The 1970s sped by, in my mind today a blur of rapidly passing images. In college at the beginning of the decade, a couple of years later I graduated and married, a typical scenario for my generation.
Hub at the time was a Navy man. We lived a short time in Charleston, South Carolina, and then Philadelphia. Re-entering the civilian world, hub accepted a job with a manufacturing company in a south central Pennsylvania town. We settled into small town life. As the decade rolled on Matthew was born, and 2-1/2 years later Jason joined the family.
We moved into our new home following a snowstorm in February, 1979. Suddenly upheaval temporarily disrupted our lives on the morning of Wednesday, March 28, 1979.
Local news began reporting a possible problem at the Three Mile Island (TMI) nuclear reactor south of Harrisburg, PA, about 15 miles as the crow flies from our house. National outlets quickly picked up the story, and we knew something potentially bad might be happening very close to home.
TMI company spokespersons, state representatives, the governor, then federal officials held a series of news conferences, generating conflicting and confusing statements.
On Thursday the government ordered a five-mile area evacuation, and on Friday Governor Thornburgh extended the evacuation to pregnant women and small children living within a 20-mile zone around the nuclear plant. It was a recommendation, not a mandatory evacuation order.
Schools closed and officials advised everyone to remain indoors.
Confusion reigned, people unsure what to do. Hub and I packed our bags, belted the boys into their car seats and drove to my parents’ home on Long Island. We watched TV from a safe distance as President Carter and other politicians visited TMI and addressed a frightened public.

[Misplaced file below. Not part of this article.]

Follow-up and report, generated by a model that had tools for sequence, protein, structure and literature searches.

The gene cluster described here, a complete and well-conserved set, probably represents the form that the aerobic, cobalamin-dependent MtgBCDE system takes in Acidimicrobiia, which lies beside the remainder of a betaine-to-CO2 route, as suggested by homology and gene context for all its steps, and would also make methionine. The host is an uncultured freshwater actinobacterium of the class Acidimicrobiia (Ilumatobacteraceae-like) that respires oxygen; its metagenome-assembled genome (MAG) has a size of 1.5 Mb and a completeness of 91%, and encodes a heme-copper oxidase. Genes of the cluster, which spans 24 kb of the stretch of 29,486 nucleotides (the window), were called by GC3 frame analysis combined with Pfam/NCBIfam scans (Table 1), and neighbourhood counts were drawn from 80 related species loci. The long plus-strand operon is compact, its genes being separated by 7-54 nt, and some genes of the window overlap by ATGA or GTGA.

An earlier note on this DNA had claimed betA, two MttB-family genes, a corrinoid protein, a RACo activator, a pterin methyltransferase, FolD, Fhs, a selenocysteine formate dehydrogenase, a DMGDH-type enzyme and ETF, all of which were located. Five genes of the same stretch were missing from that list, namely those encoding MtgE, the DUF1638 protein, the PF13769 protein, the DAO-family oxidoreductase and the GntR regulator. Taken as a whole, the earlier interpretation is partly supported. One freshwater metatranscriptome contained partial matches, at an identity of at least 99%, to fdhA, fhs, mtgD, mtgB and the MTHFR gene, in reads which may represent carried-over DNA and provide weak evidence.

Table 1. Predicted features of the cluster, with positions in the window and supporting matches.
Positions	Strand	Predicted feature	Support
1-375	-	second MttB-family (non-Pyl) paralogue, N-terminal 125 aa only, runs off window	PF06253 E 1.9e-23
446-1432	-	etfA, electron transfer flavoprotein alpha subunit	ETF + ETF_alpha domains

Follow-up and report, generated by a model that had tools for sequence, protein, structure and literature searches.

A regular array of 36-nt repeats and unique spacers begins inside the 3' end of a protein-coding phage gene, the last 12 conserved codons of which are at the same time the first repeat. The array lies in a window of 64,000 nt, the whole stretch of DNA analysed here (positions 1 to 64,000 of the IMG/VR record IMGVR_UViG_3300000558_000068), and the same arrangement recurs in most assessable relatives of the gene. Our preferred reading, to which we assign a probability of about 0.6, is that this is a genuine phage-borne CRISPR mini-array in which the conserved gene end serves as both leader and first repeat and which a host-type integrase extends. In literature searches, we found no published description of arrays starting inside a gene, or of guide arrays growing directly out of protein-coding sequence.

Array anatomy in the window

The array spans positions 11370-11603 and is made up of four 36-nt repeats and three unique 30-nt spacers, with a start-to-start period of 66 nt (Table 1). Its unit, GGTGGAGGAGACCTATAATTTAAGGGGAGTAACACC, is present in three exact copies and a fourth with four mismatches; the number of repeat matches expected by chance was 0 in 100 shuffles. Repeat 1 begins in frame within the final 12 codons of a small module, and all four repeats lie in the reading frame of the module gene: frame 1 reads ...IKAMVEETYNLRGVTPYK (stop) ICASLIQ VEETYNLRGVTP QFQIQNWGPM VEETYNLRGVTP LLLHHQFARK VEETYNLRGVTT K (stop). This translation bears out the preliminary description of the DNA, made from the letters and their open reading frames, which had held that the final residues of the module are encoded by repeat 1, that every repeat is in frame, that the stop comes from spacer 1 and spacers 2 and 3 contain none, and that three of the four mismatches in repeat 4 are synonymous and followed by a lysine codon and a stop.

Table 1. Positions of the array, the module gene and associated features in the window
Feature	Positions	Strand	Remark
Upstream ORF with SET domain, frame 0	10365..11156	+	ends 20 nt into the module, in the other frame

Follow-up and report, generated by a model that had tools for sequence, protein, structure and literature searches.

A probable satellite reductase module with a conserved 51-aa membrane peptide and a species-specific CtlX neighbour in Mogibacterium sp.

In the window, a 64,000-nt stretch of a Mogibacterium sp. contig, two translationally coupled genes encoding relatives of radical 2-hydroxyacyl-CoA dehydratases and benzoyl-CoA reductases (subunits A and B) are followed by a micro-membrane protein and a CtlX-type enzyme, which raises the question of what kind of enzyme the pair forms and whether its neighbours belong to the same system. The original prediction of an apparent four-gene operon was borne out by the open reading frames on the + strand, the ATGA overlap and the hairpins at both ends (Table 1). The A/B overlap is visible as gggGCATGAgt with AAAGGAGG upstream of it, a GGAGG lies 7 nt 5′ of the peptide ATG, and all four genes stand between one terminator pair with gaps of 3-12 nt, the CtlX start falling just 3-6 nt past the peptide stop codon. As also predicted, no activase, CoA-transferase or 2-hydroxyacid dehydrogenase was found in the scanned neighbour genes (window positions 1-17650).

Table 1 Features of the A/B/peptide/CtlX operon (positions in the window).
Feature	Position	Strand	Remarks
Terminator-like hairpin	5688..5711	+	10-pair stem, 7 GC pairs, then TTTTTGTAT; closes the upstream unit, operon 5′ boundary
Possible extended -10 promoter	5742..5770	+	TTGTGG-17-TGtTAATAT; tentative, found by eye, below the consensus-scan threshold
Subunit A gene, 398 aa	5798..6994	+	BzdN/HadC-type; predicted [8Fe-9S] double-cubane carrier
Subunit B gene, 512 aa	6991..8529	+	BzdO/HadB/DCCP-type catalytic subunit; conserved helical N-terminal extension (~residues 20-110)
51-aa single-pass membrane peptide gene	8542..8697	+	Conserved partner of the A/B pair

A couple of days later hub returned to TMI territory and went back to work, just down the road from TMI.
Meanwhile three-year-old Matthew and I boarded a plane for Florida and visited my grandfather, a.k.a. Grandpa Sam, thrilled to show off his great grandson to anyone who would pay attention.
Within an hour after arriving at Grandpa Sam’s apartment Matthew needed to go to the bathroom. This would not be a normal pee or poop. Perhaps the travel and excitement of flying upset his body, or too much junk food shocked his system. Whatever the reason, his poop proved potentially prize-worthy, clogging the toilet and necessitating an emergency call to the apartment house janitor for an extra-large plunger and cleanup crew.
The calamity was not an auspicious beginning, but Grandpa Sam mellowed as Matthew’s engaging smile and antics won Great Grandpa’s heart.
Meanwhile, back in TMI country, hub walked around his factory on the Susquehanna River, properly attired and with a Geiger counter in hand, checking radiation levels.
News reports indicated the TMI accident was worse than initially realized. The nuclear reactor’s uranium core melted – not completely, but enough to cause major concern and give TMI the dubious distinction of being the worst commercial nuclear reactor accident in U.S. history.
After five days basking in the warm Florida sun, frolicking at the beach and in the pool, Matthew and I returned to New York. Jason was glad to see us, but enjoyed his time with Grandma and Grandpa.
The three of us drove home and reunited with hub. The TMI crisis officially declared over, everyone returned to normal routines.
The aftermath –
I Survived TMI T-shirts and glow-in-the-dark souvenirs appeared on store shelves.
The movie The China Syndrome, released twelve days before TMI, depicted an accident at a nuclear reactor. Jane Fonda, Michael Douglas, and Jack Lemmon starred. Ironically, one of the movie’s most prophetic lines was in reference to the possibility of a meltdown that could “render an area the size of Pennsylvania permanently uninhabitable.” Following TMI, Jane Fonda campaigned against nuclear power.
Although not solely responsible for the demise of the nuclear power industry in the U.S., the TMI crisis proved a significant factor. Some experts consider TMI one cause of climate change, the decline of the nuclear industry leading to more environmentally damaging energy alternatives.
TMI Unit 2 reactor cleanup lasted years, completed in December 1993 at a total cost of $1 billion. It is permanently shut down.
TMI Unit 1, owned today by Exelon Corporation, is operational under a license from the NRC (Nuclear Regulatory Commission) until 2034.